Clashes as tens of thousands protest against Covid rules in Belgium

Police use water cannon and tear gas on protesters who hurl paving stones and firecrackers

Police fired water cannon and tear gas on Sunday at stone-throwing protesters after tens of thousands of marched through Brussels against Covid-19 rules.

Authorities estimated that 50,000 people paraded through the Belgian capital in the largest protest in the city over the past months.

Clashes broke out close to the headquarters of the EU as police used water cannon and tear gas to push back hundreds of protesters who hurled paving stones and firecrackers.

EU foreign policy chief Josep Borrell condemned the "senseless destruction and violence" after masked attackers smashed a glass entrance at the offices of the bloc's diplomatic service.

Officers were later forced to seek shelter in a metro station as they were pelted with metal barriers.

Police said about 70 people were arrested, including a dozen for more serious offences such as throwing projectiles and damaging property.

Three officers and 12 demonstrators required hospital treatment, but none were in a life-threatening condition.

"Freedom of expression is one of the foundations of our society. Everyone is free to express their opinion," said Belgium's Prime Minister, Alexander De Croo.

"But our society will never accept indiscriminate violence, and even less towards our police forces. Those involved this Sunday will be prosecuted."

Brussels Mayor Philippe Close tweeted that it had been a "difficult day".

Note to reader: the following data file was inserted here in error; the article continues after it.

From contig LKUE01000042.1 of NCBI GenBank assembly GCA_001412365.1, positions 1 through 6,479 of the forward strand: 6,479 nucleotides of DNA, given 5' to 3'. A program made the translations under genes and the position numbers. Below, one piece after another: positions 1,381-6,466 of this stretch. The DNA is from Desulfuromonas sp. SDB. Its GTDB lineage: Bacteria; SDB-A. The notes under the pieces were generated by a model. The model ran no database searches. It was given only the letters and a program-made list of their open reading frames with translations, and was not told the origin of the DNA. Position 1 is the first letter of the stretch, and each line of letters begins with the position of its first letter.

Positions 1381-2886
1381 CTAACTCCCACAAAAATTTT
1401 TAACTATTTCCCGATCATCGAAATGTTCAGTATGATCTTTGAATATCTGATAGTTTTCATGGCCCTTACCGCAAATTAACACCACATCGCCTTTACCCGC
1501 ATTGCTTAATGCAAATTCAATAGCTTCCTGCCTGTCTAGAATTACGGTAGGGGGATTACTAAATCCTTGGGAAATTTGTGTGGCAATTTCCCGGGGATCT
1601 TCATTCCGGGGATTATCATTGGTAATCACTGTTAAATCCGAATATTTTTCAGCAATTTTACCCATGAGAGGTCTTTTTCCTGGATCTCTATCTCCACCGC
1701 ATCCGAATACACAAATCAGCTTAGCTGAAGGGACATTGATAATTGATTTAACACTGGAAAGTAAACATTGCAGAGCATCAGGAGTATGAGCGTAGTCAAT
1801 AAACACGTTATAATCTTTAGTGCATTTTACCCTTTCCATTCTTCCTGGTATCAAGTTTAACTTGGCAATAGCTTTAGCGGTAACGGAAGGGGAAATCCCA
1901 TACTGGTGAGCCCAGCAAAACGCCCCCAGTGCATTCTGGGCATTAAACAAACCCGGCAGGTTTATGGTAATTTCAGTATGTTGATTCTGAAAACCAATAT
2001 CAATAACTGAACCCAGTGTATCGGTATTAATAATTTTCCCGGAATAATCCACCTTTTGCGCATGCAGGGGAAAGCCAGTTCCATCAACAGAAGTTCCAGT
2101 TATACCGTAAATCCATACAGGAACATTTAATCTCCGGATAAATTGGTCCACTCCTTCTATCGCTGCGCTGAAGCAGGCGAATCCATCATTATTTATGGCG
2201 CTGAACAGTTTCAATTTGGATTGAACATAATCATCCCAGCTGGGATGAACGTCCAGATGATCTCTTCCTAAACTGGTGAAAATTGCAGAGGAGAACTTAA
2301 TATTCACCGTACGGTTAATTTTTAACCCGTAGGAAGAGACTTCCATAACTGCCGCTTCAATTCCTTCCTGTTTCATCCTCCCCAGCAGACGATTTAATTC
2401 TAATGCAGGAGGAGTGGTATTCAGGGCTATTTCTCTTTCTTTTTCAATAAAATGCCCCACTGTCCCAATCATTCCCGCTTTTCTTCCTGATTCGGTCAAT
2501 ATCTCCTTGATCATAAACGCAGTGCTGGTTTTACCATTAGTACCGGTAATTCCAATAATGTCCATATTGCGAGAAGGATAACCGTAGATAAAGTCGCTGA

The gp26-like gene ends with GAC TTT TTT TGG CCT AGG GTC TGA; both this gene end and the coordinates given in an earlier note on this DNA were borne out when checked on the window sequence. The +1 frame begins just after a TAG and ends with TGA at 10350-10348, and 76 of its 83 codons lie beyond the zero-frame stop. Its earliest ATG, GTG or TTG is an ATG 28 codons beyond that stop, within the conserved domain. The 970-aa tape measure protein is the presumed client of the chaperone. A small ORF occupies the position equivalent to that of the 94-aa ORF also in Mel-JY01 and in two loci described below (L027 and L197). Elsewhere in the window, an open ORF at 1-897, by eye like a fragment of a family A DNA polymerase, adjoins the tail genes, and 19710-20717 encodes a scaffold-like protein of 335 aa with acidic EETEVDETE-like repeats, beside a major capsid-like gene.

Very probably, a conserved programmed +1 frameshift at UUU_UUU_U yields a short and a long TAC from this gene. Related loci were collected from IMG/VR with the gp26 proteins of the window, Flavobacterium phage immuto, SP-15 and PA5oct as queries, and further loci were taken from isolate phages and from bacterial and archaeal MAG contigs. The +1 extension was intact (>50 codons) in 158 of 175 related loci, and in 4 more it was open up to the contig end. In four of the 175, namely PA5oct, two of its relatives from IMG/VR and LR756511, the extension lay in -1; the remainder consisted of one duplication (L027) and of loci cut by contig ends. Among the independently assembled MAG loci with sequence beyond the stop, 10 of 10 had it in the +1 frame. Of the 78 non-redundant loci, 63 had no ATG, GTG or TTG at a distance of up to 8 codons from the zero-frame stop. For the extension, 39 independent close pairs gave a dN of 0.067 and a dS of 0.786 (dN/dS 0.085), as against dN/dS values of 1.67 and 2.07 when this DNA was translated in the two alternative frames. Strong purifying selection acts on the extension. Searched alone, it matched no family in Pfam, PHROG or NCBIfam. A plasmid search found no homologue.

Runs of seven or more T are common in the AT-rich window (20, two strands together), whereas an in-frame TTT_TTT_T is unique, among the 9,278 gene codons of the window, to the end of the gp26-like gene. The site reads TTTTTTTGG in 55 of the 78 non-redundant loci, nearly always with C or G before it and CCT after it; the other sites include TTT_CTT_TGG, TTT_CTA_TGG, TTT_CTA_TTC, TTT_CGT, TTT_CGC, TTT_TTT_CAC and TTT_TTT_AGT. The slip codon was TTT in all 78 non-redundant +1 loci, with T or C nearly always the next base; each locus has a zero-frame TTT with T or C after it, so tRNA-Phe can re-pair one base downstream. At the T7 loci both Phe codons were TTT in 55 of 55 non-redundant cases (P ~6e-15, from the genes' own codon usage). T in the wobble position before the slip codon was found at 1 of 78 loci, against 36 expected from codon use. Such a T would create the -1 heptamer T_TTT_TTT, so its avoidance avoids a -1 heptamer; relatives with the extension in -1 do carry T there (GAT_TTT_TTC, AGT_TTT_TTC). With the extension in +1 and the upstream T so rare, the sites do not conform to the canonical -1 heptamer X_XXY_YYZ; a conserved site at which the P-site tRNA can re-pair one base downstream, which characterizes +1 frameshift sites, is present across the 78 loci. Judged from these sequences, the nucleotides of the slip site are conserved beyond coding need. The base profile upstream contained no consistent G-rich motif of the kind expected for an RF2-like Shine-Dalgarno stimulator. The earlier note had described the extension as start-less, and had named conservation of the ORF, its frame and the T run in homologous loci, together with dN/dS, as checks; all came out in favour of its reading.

"Nothing can justify the physical attacks of which the police have been victims," Mr Close said.

Protesters carried signs condemning Mr De Croo and the Covid Safe pass required for entry into numerous venues.

Organisers including the World Wide Demonstration for Freedom and Europeans United for Freedom had called for people to come from other EU states.

Flags from Poland, the Netherlands, France and Romania were seen in the crowd.

"What has been happening since 2020 has allowed people to wake up to corruption," said Francesca Fanara, who had travelled from Lille in northern France. "I have come to march together."

"It's a health dictatorship," said Adolfo Barbosa from Portugal. "It warms the heart to see these people here."

Belgium has had daily infections surge to more than 60,000 in the past week in what authorities have called a "tsunami".

But the milder variant and high rate of vaccination – including people having a booster vaccination – means that health systems have not come under the same strain as in earlier waves.

Mr De Croo on Friday said that restaurants and bars could extend their opening hours, although nightclubs would remain closed.

Neighbouring France has said it will begin a gradual lifting of Covid restrictions from February 2 after authorities said there were "encouraging signs" that the wave of infections from the Omicron variant was ebbing.

Updated: January 24, 2022, 8:26 AM